your anger is rational

HalfMeltedBrain Records – 9th June 2023

Christopher Nosnibor

They may have only formed in 2020 during lockdown, but Brighton’s heavy post-punk noisemakers Mules (not to be confused with 90s US punk blues band, Mule) have already racked up three digital single releases before this six-track cassette EP. And while three of the tracks here are the preceding singles (with a studio recording of the live debut, ‘I Think We Need to Talk’, Illusions of Joy stands as a taut, cohesive document.

Their bio pitches their sound as being ‘equal parts dissonant and melodic, with a tight rhythm section providing insistent motorik grooves and angular rhythms’, adding that ‘In the tradition of Mark E Smith, the vocals are generally spoken, with very little concession to melody. Occasionally they escalate into a desperate and emotional yelp. With roots in the punk scene, Mules take influence from the first wave of post-punk, indie-rock, 90s noise-rock, and various more contemporary bands such as Parquet Courts, Metz, and Gilla Band.’

At the risk of repeating myself, shit times do at least make for decent music, and it’s no coincidence that the social and political landscape in which we find ourselves, which bears remarkable parallels to Thatcher’s Britain, is spawning a wave of disaffected musical voices. It’s not simply that the contemporary crop are aping the sound and feel of the first generation of punk and new wave acts because it feels fitting: the music itself is a means of articulating those knotty emotions that are a conglomeration of anger and frustration and the sense of powerlessness in the face of a need for change. Angularity, discord, dissonance, noise; these are the sonic vehicles which carry the sentiments sonically.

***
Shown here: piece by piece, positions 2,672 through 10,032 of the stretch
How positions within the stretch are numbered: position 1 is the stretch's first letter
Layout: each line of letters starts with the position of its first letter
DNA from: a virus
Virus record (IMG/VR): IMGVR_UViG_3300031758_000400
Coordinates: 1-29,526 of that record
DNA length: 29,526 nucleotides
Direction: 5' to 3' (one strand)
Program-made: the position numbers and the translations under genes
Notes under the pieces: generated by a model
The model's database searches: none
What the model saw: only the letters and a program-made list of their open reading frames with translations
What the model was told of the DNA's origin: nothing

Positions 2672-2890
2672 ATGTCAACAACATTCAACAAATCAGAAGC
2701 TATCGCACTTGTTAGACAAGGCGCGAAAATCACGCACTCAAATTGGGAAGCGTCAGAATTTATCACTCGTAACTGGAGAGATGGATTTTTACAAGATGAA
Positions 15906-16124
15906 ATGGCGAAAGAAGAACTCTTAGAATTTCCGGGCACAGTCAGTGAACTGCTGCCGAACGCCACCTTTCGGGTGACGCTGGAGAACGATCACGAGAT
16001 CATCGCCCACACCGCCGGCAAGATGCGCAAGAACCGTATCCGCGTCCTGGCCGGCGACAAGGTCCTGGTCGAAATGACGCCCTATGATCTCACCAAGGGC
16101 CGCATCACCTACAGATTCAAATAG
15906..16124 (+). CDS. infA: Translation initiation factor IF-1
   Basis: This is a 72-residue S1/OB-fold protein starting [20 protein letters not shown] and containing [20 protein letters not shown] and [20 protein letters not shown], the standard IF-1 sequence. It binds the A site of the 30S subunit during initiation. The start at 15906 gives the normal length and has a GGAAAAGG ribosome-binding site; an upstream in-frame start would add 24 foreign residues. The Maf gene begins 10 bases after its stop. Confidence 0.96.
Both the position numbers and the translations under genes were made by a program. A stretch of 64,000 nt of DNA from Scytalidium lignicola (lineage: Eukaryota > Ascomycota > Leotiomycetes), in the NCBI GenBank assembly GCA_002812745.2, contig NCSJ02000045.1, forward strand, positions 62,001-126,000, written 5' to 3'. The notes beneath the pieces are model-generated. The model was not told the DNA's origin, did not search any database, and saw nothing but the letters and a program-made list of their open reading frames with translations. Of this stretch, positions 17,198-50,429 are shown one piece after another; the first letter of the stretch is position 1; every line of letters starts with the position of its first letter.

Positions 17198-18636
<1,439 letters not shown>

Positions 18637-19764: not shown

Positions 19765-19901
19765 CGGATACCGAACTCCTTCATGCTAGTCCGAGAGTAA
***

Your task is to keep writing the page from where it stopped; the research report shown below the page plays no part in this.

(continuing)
And so it is that while the primary grist to Mules’ mill is ‘everyday life in Tory austerity Britain’, they also pull on ‘broader themes, which draw on Tommy’s MA thesis, such as cultural hegemony, global political economy, and systems of control.’

There’s something particularly pleasing about hearing the words ‘cultural hegemony’ in the first verse of the first song on a record. Because as much as we live in shit times on so many levels, a real bugbear – and a genuine issue – is the dumbing down of culture; we have a government who openly attack intellectualism and deride ‘experts’, who refuse to engage in debate and view critical thinking as unhealthy – and in their tenuous position of power which serves only to protect their own interests – and, specifically, wealth – it is. And so it is that ‘Ergonomic Living’ takes its lead from Marxist social critique, and while the verses are defined by an insistent beat and wandering guitar, it all explodes into a roaring chorus. I’m reminded rather of Bilge Pump, and this is very much a good thing.